Opposition to the grizzly bear trophy hunt in BC continues to grow as the Bella Coola Valley Tourism (BCVT) board made their stance clear at a recent board meeting.
“Bella Coola Valley Tourism’s purpose is to work together to promote tourism development,” said BCVT president Ernest Hall, according to Coast Mountain News. “We are that pleased to announce our support for the Coastal First Nations ban on trophy hunting in the Great Bear Rainforest.”
Another board member noted that the official support to the First Nations ban will open Bella Coola Valley Tourism up to “other markets who do not wish to work with us because of the trophy killing” in the region.
Activities like bear viewing have shown to be extremely profitable, outpacing the earnings of trophy hunting. But when the two collide, it’s most harmful to those who paid to see, not kill, the bears.
The Liberal government claims that their population estimates show the grizzly bear hunt is sustainable, despite concerning evidence that there are major flaws in their management system.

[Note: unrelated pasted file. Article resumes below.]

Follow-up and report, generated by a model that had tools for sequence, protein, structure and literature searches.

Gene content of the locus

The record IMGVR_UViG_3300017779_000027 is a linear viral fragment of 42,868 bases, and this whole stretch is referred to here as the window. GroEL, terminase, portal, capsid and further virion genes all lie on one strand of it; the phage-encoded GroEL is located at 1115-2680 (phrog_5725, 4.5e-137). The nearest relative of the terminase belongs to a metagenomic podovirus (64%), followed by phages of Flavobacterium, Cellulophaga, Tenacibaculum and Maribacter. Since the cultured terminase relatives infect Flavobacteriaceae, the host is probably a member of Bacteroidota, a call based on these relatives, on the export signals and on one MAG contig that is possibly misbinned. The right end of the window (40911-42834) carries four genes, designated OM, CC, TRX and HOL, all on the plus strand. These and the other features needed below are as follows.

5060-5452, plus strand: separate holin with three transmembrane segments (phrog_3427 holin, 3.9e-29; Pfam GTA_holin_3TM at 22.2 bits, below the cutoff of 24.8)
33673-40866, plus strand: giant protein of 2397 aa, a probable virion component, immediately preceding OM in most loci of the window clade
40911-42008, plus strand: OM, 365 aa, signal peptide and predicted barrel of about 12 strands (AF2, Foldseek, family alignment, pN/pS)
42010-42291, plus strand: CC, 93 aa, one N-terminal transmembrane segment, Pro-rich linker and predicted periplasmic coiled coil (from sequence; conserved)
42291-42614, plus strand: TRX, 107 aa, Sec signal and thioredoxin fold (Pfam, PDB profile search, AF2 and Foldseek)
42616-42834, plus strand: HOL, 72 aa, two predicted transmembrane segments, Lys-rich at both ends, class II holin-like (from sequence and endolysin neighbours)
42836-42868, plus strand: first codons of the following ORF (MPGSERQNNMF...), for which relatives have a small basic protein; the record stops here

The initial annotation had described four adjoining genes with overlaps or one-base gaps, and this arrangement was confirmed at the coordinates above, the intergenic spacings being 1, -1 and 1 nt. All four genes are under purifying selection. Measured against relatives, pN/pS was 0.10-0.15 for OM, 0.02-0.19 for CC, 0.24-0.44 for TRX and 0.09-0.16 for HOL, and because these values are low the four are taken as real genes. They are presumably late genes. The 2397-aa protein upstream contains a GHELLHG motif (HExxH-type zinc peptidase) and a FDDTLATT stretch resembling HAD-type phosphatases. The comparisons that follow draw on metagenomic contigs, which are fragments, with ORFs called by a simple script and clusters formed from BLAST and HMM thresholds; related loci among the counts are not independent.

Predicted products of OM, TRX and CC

At least 90 percent of British Columbians oppose the trophy hunt, as shown through multiple polls, and 48 percent of residents are more likely to support a party that will shut down the contentious hunt. But the government holds fast to their pay-to-kill program.
As more tourism boards, ecotourism companies, non-profits like The Fur-Bearers, and large companies like LUSH Cosmetics, stand up against the government and call for an end to the trophy hunt, it’s becoming clear that the grizzly bears may not be at risk – but political parties who support the hunt are.
Please take time to locate your local candidates for the upcoming provincial election in British Columbia and let them know you stand against the hunt – and want them to, as well. If you don’t live in BC, you can contact Premier Christy Clark at firstname.lastname@example.org let her know you won’t be spending your tourism dollars while the trophy hunt continues. Please also take time to thank theBella Coola Valley Tourism board for their decision. You can find their contact information on their website atbellacoola.ca.